Astronauts forced to make dramatic escape from malfunctioning rocket heading for International Space Station
A US astronaut and a Russian cosmonaut heading for the International Space Station were forced to make a dramatic escape when their rocket malfunctioned today.
Nick Hague and Alexey Ovchinin had been in the air for little more than two minutes of their six-hour mission when they reported a problem with the rocket's booster and the Russian-made Soyuz MS-10 spacecraft began to plummet to earth.
The men, who had set off from Baikonur Cosmodrome in Kazakhstan, were forced into a 'ballistic descent', meaning their capsule descended at a much sharper angle than normal and would have been subjected to greater G-force, the force imposed on a body by rapid acceleration.
The capsule separated from the failing rocket and reportedly deployed parachutes to slow its descent. It landed a few hundred miles north of Baikonur and the men were picked up by rescuers who took them to Baikonur in helicopters.
Search and rescue teams reported that they were in "good condition" after the scary incident.
Footage from an internal camera that was inside the capsule shows Hague and Ovchinin being jerked around violently the moment that the fault happened.
"Vehicle malfunction. That was a quick flight," Ovchinin declared dryly over the radio at the beginning of the emergency descent.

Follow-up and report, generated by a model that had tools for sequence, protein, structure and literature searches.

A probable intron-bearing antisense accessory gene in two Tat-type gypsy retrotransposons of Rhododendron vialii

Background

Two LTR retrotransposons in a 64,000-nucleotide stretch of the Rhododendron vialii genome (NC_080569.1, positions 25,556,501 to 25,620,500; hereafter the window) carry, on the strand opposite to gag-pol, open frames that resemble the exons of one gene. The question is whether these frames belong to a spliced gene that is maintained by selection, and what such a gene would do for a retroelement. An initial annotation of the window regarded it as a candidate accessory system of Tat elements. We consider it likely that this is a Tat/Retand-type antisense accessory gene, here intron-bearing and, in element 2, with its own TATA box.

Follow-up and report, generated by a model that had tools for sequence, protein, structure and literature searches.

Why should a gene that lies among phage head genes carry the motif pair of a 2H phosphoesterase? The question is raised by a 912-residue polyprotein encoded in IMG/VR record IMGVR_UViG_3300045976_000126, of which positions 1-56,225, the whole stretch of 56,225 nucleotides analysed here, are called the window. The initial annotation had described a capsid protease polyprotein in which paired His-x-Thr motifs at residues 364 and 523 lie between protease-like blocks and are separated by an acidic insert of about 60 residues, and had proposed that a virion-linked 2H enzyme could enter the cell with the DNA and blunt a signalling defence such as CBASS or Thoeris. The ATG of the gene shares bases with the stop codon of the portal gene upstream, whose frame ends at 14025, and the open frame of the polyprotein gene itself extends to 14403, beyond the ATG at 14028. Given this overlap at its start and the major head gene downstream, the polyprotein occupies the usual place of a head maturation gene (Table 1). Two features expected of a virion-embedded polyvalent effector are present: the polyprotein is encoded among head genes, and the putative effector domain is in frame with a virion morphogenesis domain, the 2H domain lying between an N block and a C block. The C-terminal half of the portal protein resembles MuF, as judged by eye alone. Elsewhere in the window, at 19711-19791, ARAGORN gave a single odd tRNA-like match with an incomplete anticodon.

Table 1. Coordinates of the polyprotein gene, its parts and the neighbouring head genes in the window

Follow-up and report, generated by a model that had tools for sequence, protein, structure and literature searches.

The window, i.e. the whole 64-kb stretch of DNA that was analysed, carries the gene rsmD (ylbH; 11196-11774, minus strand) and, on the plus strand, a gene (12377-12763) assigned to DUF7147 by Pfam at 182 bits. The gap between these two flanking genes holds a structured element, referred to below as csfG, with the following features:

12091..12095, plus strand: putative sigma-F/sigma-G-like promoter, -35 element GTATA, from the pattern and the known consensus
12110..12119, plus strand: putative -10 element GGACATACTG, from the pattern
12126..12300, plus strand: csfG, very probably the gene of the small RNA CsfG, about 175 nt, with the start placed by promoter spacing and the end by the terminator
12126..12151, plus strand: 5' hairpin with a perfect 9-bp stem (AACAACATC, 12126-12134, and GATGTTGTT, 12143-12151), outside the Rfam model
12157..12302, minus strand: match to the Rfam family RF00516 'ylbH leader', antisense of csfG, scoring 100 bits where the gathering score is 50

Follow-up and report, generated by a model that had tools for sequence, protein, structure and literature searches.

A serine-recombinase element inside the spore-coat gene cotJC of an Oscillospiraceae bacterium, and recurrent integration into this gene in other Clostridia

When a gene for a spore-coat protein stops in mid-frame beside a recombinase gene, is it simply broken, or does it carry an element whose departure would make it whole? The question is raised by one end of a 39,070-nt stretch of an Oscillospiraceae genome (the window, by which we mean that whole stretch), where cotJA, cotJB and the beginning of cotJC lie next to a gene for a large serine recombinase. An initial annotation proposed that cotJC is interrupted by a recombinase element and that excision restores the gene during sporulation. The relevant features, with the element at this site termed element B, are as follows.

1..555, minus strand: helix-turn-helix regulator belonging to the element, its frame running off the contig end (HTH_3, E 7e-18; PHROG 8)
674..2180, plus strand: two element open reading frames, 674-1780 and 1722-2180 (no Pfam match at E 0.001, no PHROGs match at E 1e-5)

A further statement from Nasa blamed an “anomaly with the booster” for the incident and promised a thorough investigation.
"The search and recovery teams have reached the Soyuz spacecraft landing site and report that the two crew members... are in good condition and are out of the capsule," they said.
Russia has stated it was suspending any further manned flights and announced that an investigation into what exactly went wrong had begun.
Their suspension allegedly puts the International Space Station and other work under question, due to the fact that astronauts sent on those missions often go from the Russian cosmodrome and use its rockets to head into space.
President Vladimir Putin's spokesman said: "Thank God the crew is alive."
"According to preliminary information, the cause [of the crash] came during the separation of the first stage from the second stage," Yury Borisov, deputy prime minister for the military industrial complex, told journalists. "A special commission will get to the bottom of this."
The incident is reportedly the latest in a long string of Russian launch failures since 2010. However, it is the first time in the history of the ISS programme that a manned Soyuz mission has failed.
The Russian space programme's last manned launch failure occurred in September 1983, when a Soyuz exploded on the launch pad. Fortunately, Soviet cosmonauts Vladimir Titov and Gennady Strekalov jettisoned and landed safely near the launch pad.